Captain Future 26 - Earthmen No More (March 1951)

Captain Future 26 - Earthmen No More (March 1951) by Edmond Hamilton

Book: Captain Future 26 - Earthmen No More (March 1951) by Edmond Hamilton Read Free Book Online
Authors: Edmond Hamilton
Tags: Sci Fi & Fantasy
Earthmen No More
    A Curt Newton Novelet
    From the January 1950 issue of Startling Stories
    by Edmond Hamilton
     
    When the Futuremen revived John Carey from his deep freeze, he wanted to go home — but where in space was home?
     

     
    Chapter 1: The Awakening
     
    STILL and cold in its lightless vault of bone, the brain stirred feebly. Slowly, slowly, it began to wake and remember — timeless memories, flowing across it in a dark inchoate tide from nowhere into nothingness.
    He was alone in space. Quite alone, floating, turning, drifting. He had no destination and he was in no hurry. He had lost the Sun and the planets. There were not even any stars.
    He did not worry. The dead do not insist on stars. He had forgotten how he came to die and he was glad.
    After a long while, far distant in the infinite night, he saw a tiny gleam. He regarded it without curiosity or fear and then he realized that some inexorable current had caught him and was sweeping him toward the light, hurling him at it in a swift relentless rush. He knew that he did not want to go to it — but there was no escape.
    The little point of light leaped and spread into a sun, a nova, a shattering glare. Terror overcame him. He clawed at the comforting darkness as it fled past but he could not hold onto it and it seemed to him that he could hear the small thin shrieking of his body against the void as it was sucked into the devouring brilliance.
    There was a face between him and the light, huge and awesome. He cried out but no sound came and then it was gone, the light, the face, even himself, swallowed up in the quiet night.
    Memories — the aloneness, the remembering, the timeless drift. A sound like the rustle of far-off surf that boomed louder and louder and became a voice speaking out of the heavens, saying, “Wake up, John Carey! Wake up!”
    And he thought he answered, “But I am dead.”
    How had he come to die?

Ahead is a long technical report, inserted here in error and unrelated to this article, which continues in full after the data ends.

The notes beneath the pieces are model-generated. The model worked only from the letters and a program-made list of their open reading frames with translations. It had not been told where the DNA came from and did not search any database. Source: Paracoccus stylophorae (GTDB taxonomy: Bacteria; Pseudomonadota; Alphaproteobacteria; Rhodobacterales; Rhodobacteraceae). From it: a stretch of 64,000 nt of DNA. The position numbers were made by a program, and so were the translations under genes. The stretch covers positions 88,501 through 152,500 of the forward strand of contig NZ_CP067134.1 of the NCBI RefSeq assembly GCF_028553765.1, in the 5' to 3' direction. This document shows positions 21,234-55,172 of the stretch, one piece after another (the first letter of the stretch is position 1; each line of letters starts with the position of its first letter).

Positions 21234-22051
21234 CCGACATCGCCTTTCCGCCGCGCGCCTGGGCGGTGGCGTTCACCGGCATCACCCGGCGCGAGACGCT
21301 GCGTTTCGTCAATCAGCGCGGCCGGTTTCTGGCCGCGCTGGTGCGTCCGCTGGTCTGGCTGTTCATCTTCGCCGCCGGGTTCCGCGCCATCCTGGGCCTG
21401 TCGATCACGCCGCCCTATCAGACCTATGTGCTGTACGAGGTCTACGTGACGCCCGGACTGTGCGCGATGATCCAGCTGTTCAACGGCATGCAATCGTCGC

MEMORIES, groping, uncertain, coming faster, clearer, clothed in vivid color. A girl’s face, a girl’s red mouth saying, “Don’t go. Don’t go if you love me. You’ll never come back.”
    Men and a ship — a little ship, a frail and tiny craft, it seemed, for the long way it was going and the high dreams it had. Hard-faced iron-handed men, braver than angels and more hungry than they were brave, hungry for new worlds and the unknown things that lay beyond the mountains of the Moon, beyond the still canals of Mars, beyond the glittering deadly Belt.
    He remembered now the men and the ship, how they had gambled their lives against glory and lost. “We shot the Asteroids,” he muttered, in the silence of his mind. “Jupiter was there ahead of us, a big golden apple almost in our hands. I remember how the moons looked, swarming like bees around it. I remember...”
    The meteor — the tearing agony of metal, the last glimpse of horror in the ship before the air-burst took him with it into space, through the riven pilot-dome. The brief, bitter knowledge that this was death.
    “Dead,” he said again. “I’m dead.”
    The strange voice answered, “If you want to you can live again.”
    He thought about that. He thought about it for a long time in the darkness. To live again — the light and the warmth, the hunger and pain and hope, the wanting, the being able to want. He thought and he was not sure and then at last he whispered, “How? Tell me how!”
    “Open your eyes and come back, back where the light is. You were here before, don’t you remember? Open your eyes, John Carey!”
    He did or thought he did and there was nothing but mist, heavy darkling clouds of it. Far, far away he saw the gleam of light beyond him and he tried to grope toward it but the mists were very thick.
    “I can’t,” he moaned. “I’m lost.”
    Lost forever, in darkness and cold. “Come back!” cried the voice strongly. “Come back and live!”
    He heard the sound of a hand striking smartly against flesh. After a while he felt it. That

Similar Books

Starcrossed

Brenda Hiatt

A Wife's Fantasy

New Dawning Books

Mary Rose

David Loades

Mechanized Masterpieces: A Steampunk Anthology

Alyson Grauer, Anika Arrington, Aaron Sikes, A. F. Stewart, Scott William Taylor, Neve Talbot, M. K. Wiseman, David W. Wilkin, Belinda Sikes

Submissive Training

Jennifer Denys

The Severed Streets

Paul Cornell

WickedSeduction

Tina Donahue

Wittgenstein Jr

Lars Iyer